February 2021 Church & State Magazine | People & Events

Religious diversity in the United States is on the upswing, with growing numbers of Americans saying they no longer have an official religious identity.

But this diversity isn’t reflected in the U.S. Congress. A recent survey by the Pew Research Center of the 117th Congress found that 88% of members of the House of Representatives and Senate are Christian, a figure that in the general population now hovers around 65%.

Pew found that of the 535 members of the House and Senate, 294 identify as Protestant Christians. Thirty-three members are Jewish, and 158 are Catholic. Congress contains nine members of the Church of Jesus Christ of Latter-day Saints, three Muslims, two Buddhists and two Hindus. (Eighteen members of Congress declined to specify a religious affiliation.)

Although religiously unaffiliated Americans have been growing in numbers, they remain under-represented in Congress. Only two members, U.S. Sen. Kyrsten Sinema (D-Ariz.) and U.S. Rep. Jared Huffman (D-Calif.), say they have no particular religion. (Huffman refers to himself as a Humanist.) Three members are Unitarian Universalist, a non-creedal religion that includes many Humanists.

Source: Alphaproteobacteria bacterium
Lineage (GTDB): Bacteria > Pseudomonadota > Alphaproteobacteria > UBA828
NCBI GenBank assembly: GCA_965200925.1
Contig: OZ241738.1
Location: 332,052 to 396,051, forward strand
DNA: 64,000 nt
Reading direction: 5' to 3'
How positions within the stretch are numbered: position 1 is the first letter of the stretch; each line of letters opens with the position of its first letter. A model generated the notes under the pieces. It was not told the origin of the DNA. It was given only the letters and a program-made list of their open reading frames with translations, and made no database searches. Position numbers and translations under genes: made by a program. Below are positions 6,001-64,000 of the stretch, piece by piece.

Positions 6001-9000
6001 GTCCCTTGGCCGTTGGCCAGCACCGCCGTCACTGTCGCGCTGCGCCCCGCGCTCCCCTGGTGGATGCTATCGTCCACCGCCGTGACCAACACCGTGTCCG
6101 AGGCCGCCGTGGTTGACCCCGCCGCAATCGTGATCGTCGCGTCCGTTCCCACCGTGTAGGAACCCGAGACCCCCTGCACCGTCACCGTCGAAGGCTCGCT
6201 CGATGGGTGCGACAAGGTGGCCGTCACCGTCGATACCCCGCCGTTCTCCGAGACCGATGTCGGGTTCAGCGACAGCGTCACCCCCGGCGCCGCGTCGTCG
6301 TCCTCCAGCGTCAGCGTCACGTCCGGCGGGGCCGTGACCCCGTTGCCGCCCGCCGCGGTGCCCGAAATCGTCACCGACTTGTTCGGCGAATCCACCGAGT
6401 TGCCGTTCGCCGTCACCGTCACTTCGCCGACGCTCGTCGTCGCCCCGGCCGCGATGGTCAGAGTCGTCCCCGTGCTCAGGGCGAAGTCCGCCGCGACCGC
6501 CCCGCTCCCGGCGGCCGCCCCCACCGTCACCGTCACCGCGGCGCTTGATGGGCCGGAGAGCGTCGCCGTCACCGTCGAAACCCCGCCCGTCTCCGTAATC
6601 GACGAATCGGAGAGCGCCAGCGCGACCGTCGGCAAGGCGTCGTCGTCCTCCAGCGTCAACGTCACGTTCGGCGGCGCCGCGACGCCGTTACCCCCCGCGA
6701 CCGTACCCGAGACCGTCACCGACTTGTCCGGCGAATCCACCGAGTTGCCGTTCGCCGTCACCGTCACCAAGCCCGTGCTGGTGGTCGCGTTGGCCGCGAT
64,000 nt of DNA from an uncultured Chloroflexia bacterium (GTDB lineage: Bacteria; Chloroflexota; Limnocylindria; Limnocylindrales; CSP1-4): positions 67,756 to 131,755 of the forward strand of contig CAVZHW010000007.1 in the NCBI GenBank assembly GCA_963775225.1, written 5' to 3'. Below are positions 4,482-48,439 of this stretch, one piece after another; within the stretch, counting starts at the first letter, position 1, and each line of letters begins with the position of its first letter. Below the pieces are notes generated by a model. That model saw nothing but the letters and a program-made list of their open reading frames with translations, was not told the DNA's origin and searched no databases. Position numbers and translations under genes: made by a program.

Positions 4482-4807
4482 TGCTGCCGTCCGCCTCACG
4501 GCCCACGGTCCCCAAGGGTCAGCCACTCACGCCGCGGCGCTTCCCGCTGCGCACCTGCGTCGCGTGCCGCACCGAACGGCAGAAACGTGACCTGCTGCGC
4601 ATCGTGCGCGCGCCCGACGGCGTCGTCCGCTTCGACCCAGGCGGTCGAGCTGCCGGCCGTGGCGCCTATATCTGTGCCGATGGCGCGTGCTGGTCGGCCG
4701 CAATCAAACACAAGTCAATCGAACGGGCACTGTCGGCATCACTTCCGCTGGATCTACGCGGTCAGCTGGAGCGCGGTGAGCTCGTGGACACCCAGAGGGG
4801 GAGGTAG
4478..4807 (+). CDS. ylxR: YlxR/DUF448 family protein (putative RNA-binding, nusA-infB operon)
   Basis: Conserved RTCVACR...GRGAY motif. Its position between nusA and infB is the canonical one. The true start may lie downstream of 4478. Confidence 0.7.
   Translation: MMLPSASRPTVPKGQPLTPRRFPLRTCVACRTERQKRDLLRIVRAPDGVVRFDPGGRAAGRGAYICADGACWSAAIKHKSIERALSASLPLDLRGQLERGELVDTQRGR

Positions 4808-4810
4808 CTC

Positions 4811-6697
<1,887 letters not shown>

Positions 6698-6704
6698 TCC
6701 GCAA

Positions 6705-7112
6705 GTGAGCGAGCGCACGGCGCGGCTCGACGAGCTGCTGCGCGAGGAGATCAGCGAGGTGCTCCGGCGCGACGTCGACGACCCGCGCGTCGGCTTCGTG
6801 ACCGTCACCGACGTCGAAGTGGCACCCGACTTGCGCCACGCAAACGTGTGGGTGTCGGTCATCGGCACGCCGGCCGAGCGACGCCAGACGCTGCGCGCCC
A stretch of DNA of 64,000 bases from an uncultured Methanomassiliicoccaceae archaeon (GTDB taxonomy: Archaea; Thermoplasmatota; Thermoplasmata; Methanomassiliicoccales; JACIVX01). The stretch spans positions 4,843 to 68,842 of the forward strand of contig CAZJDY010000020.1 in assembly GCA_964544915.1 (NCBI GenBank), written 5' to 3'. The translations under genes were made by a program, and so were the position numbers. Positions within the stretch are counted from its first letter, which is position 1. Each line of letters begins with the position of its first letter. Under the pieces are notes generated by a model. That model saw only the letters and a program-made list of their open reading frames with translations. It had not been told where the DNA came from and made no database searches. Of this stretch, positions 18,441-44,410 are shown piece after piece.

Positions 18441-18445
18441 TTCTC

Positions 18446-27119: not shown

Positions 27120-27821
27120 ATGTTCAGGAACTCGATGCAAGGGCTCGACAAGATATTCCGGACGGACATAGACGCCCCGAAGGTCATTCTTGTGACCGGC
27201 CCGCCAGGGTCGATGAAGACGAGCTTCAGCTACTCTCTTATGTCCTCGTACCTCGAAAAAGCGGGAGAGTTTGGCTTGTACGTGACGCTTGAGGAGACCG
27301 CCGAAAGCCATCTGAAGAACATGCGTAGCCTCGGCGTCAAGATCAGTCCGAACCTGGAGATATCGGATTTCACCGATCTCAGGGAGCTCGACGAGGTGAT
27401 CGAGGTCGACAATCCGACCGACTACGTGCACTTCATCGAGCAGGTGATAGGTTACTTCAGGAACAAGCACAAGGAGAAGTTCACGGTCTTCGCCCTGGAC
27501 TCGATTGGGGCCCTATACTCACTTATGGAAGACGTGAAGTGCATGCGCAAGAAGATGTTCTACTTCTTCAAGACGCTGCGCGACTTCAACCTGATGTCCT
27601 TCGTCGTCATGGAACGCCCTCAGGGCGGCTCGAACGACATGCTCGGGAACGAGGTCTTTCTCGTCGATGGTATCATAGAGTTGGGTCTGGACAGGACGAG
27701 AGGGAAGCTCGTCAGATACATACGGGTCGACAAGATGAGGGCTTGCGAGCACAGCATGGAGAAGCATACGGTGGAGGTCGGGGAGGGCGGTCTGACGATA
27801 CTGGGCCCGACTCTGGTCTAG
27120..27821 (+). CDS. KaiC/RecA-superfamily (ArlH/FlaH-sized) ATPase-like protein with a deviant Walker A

Pew found some interesting differences between the political parties. Most of the non-Christians in Congress are Democrats. The Republican Party remains heavily Christian, with 99% of its members in Congress identifying as Christian. Of that number, 68% are Protestant.

Observed Pew, “Since the early ’60s, there has been a substantial decline in the share of U.S. adults who identify as Christian, but just a 7-point drop in the share of members of Congress who identify that way. Today, 88% of Congress is Christian, while 65% of U.S. adults are Christian, according to Pew Research Center surveys.”